No one can choose how they look (otherwise, everyone would like me), but a character's appearance is still a reflection of their personality. From general details like choppy hair versus slicked back, or freckly versus scarred, a reader gets a sense of a character even from the most minute of details the author drops in the descriptions.

reflection of you: I've noticed this is mostly true for main characters: for the general characteristics (i.e. hair color, length, texture, eye color, height, weight, gender), your main character might be a lot like you. 

other note: There are also aspects of yourself you might realize you never put into your main character, such as a physical trait you're not particularly fond of. For example: my alter ego is rather tall, and she has never written a female main character above average height (though probably will in the future). 

does it matter? Depends. For one book, no. If you happen to write several books with different main characters, then a reader might take notice if every one of your protagonists are blonde with brown eyes and burns just from fluorescent lighting.


how they dress

There's a big difference between the boy that always wears a sports jersey to one who wears a black trench coat with sunglasses. 

reflection of you: Does your main character love scarves as much as you do? Does she prefer black, as is your preference? Does your love interest dress in the way that you find attractive for the gender of your sexual preference to dress? 


how they speak

speed: speaks for itself

word choice: Does your character have too colorful or too little colorful of a vocabulary? Do they all speak the way you would? Do you find CPs commenting that "this sounds unnatural" or "no one says that" and you get offended because you say it that way?

regional Dialect: If you're writing a character who lives somewhere you do not, is your own regional dialect creeping into your words? (For example, do your New York characters go to a sandwich shop to buy a hoagie? Or are they buying a sub?)

cursing: This doesn't necessarily mean all the classic four letter words, but just general expressions characters say when they're angry or insulting someone. You might call someone a 'poopsickle,' but perhaps it fits more with your character's personality to say 'scumbag' or 'meanie.'


Interesting article about authors more bad*ss than their characters


how they act

what they like: Does your main character want to be a writer? In most cases, this doesn't work too well. Sure, it's easy for you to relate to, but how many people in the world want to be writers? Most importantly, do you intend to have your protagonist come across as sane? Do you really know any sane writers? :)

decisions: Impulsive or deliberate? More based on the heart or on logic?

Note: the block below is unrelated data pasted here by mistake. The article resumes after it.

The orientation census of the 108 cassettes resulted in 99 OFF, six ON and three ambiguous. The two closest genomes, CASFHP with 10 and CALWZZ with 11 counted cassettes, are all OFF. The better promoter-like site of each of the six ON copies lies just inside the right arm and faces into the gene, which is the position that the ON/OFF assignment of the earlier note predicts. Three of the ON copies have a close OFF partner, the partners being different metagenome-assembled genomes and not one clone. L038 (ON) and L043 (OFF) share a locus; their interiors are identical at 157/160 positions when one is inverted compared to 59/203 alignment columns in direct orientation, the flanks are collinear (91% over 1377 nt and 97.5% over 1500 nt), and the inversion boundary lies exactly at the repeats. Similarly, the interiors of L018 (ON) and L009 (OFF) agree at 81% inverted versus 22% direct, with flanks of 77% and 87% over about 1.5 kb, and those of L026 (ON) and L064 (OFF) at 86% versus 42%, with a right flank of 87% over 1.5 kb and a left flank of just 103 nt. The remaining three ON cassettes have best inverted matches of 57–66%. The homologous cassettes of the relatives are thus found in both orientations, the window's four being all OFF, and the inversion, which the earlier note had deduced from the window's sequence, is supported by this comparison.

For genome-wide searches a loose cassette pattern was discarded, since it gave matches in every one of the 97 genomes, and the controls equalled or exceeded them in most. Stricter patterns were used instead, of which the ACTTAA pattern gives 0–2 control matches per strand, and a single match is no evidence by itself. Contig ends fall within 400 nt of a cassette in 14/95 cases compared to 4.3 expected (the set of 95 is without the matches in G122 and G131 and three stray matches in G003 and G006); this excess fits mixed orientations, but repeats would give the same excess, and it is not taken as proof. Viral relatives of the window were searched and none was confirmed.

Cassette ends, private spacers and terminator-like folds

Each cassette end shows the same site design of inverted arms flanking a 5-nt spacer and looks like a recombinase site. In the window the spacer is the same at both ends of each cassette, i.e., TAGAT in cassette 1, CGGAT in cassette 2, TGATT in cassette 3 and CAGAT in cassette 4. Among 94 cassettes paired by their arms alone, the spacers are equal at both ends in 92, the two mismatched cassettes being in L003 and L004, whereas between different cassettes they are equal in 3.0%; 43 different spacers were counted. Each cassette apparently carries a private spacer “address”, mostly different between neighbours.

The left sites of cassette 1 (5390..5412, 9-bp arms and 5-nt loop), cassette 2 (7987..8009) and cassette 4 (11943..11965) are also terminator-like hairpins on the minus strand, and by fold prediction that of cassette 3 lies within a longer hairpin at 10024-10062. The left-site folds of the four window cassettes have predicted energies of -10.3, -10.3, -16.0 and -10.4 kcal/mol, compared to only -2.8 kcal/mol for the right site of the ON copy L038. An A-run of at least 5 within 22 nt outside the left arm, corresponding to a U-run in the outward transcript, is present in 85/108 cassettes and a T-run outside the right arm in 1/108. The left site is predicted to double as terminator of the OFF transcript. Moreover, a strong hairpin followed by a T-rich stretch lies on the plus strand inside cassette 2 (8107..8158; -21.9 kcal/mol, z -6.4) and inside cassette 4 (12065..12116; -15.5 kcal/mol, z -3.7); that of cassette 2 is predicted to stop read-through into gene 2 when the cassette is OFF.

talents: Is English or history your character's best subject? (Assuming you are like the majority of writers) Is math or chemistry their worst? Are they athletic? Are they music-oriented? Good with kids? Not so great at public speaking?


how they react

what offends them: Some things may offend your characters that wouldn't offend you, of course. The harder one is when something doesn't offend your characters that would offend you. It might rub you the wrong way, but sometimes you need to acknowledge why it wouldn't for your character. Otherwise, your character might seem too sensitive.

humor: It's pretty natural to have characters have similar to humor to you. You're the one coming up with the jokes (which is hard enough as is). The main trick is to give your various characters different styles of humor--all of which may be facets of your own.

flight or fight: This may be one of the few times writers, most likely, give their characters the opposite quality. We want, as readers, the main characters to fight. My alter-ego confesses that in most situations, she would run without a second thought, and most definitely would have been killed during the first day of the Hunger Games.


how they think

the nitty gritty: This depends a lot on the POV you choose, first or third person, close or distant. But I try to think of this overall as the character's central essence. This is the combination of all of the above, since (especially in first person) this is where the reader sees the character evaluating all of those things. 

These are writer personality types. Compared to the
average population, we're quite skewed.
My main tip is Myers-Briggs Personality Tests. Sure, I may be overly fascinated with them, but it's incredibly helpful for me to type my characters and then compare them to myself. So far, none of my main characters have been my type, or even close to it (actually, in my WIP, the MC is the exact opposite of me). Doing so helps you to understand all of the above, and how your character might filter the events of your story versus how you would.

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Was this helpful in determining whether or not your characters are too much like you? I hope so. As your future world dictator, I do sometimes hope to be of services to you humans.